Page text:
JUser: :_load: Unable to load user with ID: 727

Response to "Habitat Loss Highest Near Ethanol Plants"

  • Wednesday, 22 March 2017 14:03

Today we are responding to the Duluth News Tribune story, “Habitat Loss Highest Near Ethanol Plants,” that was published March 21, 2017. We believe the article does a disservice to readers by citing a study that contains dubious and inaccurate conclusions.

The study focuses on the period of 2008 to 2012 and indicates that as ethanol production increases, more grassland will be converted to cropland to accommodate the increase in corn needed for ethanol production.

The facts, however, paint a different picture. According to the USDA, planted acres for corn have actually been decreasing since 2008 from 93.6 million acres to 88 million acres in 2016. The acres harvested for corn have similarly been decreasing. In 2008, it was 86.1 million acres. In 2016, it was 80.8 million acres.

Meanwhile, while the national acreage has been decreasing, ethanol production has been on the rise. In 2008, the United States produced 9.3 billion gallons of ethanol. Last year, the United States produced 15.3 billion gallons.

Corn yields per acre have been increasing. In 2008, it was 153 bushels per acre. Last year, it was 168.4 bushels per acre.

Clearly, the idea that more grassland will be converted to cropland due to a rise in ethanol production is a dubious one.

And that’s because corn used for ethanol represents a quarter of the total supply of corn in the United States. In 2016, 5.22 billion bushels of corn out of 15.4 billion bushels was used for ethanol production. That’s 33.8 percent of the total supply.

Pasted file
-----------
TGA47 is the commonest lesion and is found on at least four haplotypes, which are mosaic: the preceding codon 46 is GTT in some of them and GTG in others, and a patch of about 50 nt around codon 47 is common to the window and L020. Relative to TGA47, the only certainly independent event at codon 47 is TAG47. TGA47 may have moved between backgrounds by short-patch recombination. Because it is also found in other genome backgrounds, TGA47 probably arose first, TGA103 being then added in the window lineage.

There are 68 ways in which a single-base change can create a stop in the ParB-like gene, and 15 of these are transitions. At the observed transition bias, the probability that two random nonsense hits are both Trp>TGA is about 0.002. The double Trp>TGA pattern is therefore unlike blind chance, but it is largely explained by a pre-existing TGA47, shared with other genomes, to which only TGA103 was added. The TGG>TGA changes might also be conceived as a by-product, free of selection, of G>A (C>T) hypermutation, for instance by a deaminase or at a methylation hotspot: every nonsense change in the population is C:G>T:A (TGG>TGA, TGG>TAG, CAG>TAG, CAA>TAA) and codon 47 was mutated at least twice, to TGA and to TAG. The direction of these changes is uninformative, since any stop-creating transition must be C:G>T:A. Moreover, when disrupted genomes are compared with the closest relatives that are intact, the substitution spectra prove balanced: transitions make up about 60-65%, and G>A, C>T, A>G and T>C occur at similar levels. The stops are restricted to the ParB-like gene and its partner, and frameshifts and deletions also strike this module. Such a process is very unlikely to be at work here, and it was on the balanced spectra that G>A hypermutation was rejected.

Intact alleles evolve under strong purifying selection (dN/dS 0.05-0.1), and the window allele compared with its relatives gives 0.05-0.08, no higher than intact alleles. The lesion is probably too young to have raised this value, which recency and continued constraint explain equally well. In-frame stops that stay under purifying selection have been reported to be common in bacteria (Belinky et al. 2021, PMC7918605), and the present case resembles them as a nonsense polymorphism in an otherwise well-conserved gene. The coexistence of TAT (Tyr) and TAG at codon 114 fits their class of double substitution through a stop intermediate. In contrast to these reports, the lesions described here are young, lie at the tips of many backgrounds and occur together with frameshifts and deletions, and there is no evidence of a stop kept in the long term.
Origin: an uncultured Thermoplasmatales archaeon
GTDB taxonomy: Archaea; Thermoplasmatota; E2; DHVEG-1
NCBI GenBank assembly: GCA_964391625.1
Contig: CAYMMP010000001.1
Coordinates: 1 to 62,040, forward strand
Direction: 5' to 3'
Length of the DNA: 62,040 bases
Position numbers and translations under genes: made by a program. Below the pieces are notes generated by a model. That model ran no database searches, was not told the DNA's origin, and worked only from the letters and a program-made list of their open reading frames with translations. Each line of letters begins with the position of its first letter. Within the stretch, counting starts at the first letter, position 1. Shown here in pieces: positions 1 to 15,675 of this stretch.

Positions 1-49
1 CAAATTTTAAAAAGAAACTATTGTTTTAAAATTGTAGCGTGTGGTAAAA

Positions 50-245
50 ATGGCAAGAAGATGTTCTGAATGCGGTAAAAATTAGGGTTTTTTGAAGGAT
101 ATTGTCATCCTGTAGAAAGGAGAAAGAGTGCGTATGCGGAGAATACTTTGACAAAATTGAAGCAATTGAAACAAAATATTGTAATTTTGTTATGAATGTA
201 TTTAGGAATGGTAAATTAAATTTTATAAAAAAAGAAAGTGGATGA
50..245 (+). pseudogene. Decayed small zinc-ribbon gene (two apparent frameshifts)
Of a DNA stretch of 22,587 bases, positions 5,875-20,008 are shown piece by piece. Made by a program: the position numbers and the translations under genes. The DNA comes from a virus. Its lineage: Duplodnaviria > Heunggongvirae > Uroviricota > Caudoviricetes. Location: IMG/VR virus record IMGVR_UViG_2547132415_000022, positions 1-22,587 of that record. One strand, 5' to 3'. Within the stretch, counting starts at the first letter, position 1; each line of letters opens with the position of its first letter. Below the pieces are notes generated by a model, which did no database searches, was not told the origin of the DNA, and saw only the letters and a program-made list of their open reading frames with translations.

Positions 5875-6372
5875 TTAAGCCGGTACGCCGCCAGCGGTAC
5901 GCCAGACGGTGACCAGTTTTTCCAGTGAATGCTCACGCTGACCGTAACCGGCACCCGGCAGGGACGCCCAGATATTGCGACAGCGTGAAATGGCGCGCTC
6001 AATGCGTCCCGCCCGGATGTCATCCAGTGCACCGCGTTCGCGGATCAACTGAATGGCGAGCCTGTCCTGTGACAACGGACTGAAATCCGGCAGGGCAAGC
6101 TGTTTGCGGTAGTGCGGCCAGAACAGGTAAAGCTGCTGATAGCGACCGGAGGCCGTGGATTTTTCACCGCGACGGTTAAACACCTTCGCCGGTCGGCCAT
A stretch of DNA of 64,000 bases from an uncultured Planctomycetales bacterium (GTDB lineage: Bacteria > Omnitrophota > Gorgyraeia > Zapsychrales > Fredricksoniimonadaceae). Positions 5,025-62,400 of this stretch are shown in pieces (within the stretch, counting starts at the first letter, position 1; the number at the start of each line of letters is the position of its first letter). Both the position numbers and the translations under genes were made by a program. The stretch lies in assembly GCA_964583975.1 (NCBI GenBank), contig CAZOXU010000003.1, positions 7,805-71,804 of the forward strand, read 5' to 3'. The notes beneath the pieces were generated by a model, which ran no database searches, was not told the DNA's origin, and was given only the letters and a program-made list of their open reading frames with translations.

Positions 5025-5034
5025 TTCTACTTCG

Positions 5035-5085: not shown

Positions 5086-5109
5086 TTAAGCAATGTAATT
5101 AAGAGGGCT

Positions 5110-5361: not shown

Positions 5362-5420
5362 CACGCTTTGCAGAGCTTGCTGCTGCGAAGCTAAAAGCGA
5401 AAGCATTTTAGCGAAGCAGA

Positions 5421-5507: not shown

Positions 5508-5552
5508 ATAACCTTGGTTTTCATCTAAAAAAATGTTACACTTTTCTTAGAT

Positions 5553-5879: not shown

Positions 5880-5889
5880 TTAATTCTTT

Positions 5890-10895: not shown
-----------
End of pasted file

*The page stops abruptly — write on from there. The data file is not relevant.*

Since 18 lbs of every bushel used for ethanol is returned as dried distillers grain (which is a high-protein animal feed), only 68 percent of a bushel of corn is actually converted into ethanol. As such, the actual amount of corn used in 2016 was 23 percent of the total corn supply.

In 2017, the USDA expects the area planted for corn to increase to 94 million acres while the area harvested to increase to 86.7 million acres. But again, this increase has little to do with demand from the ethanol industry as the USDA estimates the corn used for ethanol will be 5.53 billion bushels.

But the total supply is expected to be 16.94 billion bushels, meaning the percentage used for ethanol this year will be 22 percent!

The omission of such vital data from the study raises many questions. Is it a mere coincidence that the study’s authors have made similar attempts to paint ethanol in a bad light in the past?

Two of the lead authors of this study, Tyler Lark and Holly Gibbs from the University of Wisconsin-Madison previously wrote a similar study in 2015.

That study was later refuted by scientists from the Argonne National Laboratory, University of Illinois and Oak Ridge National Laboratory who questioned Lark and Gibbs’ use of the USDA’s Cropland Data Layer (CDL) and the National Land Cover Dataset (NLCD).

In particular, they said Lark and Gibbs used CDL and NLDC data that had low accuracy levels. That same CDL and NLDC data made it into the current study this article cites.

Ethanol is a locally produced renewable energy that has reduced and continues to reduce harmful greenhouse gas emissions, strengthen our economy, reduces prices at the pump and has made America more energy independent.